The final part dwells for the first half on moving images but these are back-projections, which are hard to take in, while reading the subtitles. Just how obstructively German can a film get! Our focus should, in any case, be upon the narrator whose troubled dreams the films represent. He worries a lot, as a good German should. In a half-way interlude, with a mainly darkened sky-scape on the screen, we hear - as contemporaries did - of the defeat of Germany. The most striking image of this Twilight of the Gods turns out to be the hideous dance of an incinerated corpse with an inflated love-doll. They twirl. Hitler's triumph is reasserted, this time by the narrator. Hitler is now a dumb wax-work in the theme-park arranged by the masseurs and projectionists of this world.
 
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JamesWhitehead

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Looking forward to the viewing.
It is an endurance test at times! The opposite of a user-friendly experience. With a smattering of German, the oneiric experience of so much loggerhea is something which has haunted me for years. It may be slightly less mysterious to a fluent speaker.

I have looked - so far in vain - for an online script or even a detailed scene-by-scene synopsis. I gather the subtitles do, at times, attribute texts which are unexplained in the original. Alas, the subtitles themselves give out for several sections and we are left to our own resources.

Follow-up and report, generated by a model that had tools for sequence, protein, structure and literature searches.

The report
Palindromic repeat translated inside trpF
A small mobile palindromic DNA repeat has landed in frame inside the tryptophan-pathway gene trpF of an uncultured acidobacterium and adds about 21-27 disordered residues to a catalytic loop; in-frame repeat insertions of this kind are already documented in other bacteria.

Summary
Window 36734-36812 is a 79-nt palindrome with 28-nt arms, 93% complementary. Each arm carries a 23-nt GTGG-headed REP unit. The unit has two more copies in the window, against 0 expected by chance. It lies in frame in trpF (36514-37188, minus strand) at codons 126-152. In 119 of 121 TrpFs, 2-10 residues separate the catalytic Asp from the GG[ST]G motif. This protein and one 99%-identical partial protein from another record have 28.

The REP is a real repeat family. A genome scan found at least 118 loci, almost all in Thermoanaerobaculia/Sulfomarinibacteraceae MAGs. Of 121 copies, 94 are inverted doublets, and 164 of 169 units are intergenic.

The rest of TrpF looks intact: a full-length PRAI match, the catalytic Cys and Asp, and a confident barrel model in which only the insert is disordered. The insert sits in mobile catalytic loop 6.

Syberberg is likely to be next in the news when he passes. Then what shall be said? Or will he be noticed at all? :(
 

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I accept the challenge. Quite enjoy bridging the gaps in translation with some contexting. Mostly for my woeful Spanish when reading McCarthy, but I'll give the German a try.
 

Hild und hjalmi

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I love the Völsunga saga, but don't really like Wagner (mainly because a lot of people think that the legends are the same as Wagner's version).* JRRT, my favourite author, actually wrote his own version in Eddic style. I found this article from 2014 and was going to start a new thread for it until I discovered this one.

I doubt it's Fáfnir's hoard. Where's the ring Andvaranaut?:p

http://www.huffingtonpost.com/2014/02/21/nibelung-treasure-gold-silver-woods-germany_n_4826228.html


Legendary Nibelung Treasure May Have Been Found By A Guy With A Metal Detector

Sara Gates

A long-lost treasure may have finally been found.


An amateur archaeologist recently unearthed a trove of gold and silver in a wooded area in western Germany. The finding, estimated to be worth more than 1 million euros (about $1.37 million), has some wondering whether the jewels are part of the legendary Nibelung treasure, Germany’s The Local reports.


The enormous bounty was illegally dug up by a man with a metal detector in the German state of Rhineland-Palatinate. Authorities seized the bounty after the man reportedly tried to sell the wares on the black market. Upon closer inspection, archaeologists realized the extravagant finding and the Nibelung treasure may be one and the same.

Yet, they’re not quite sure.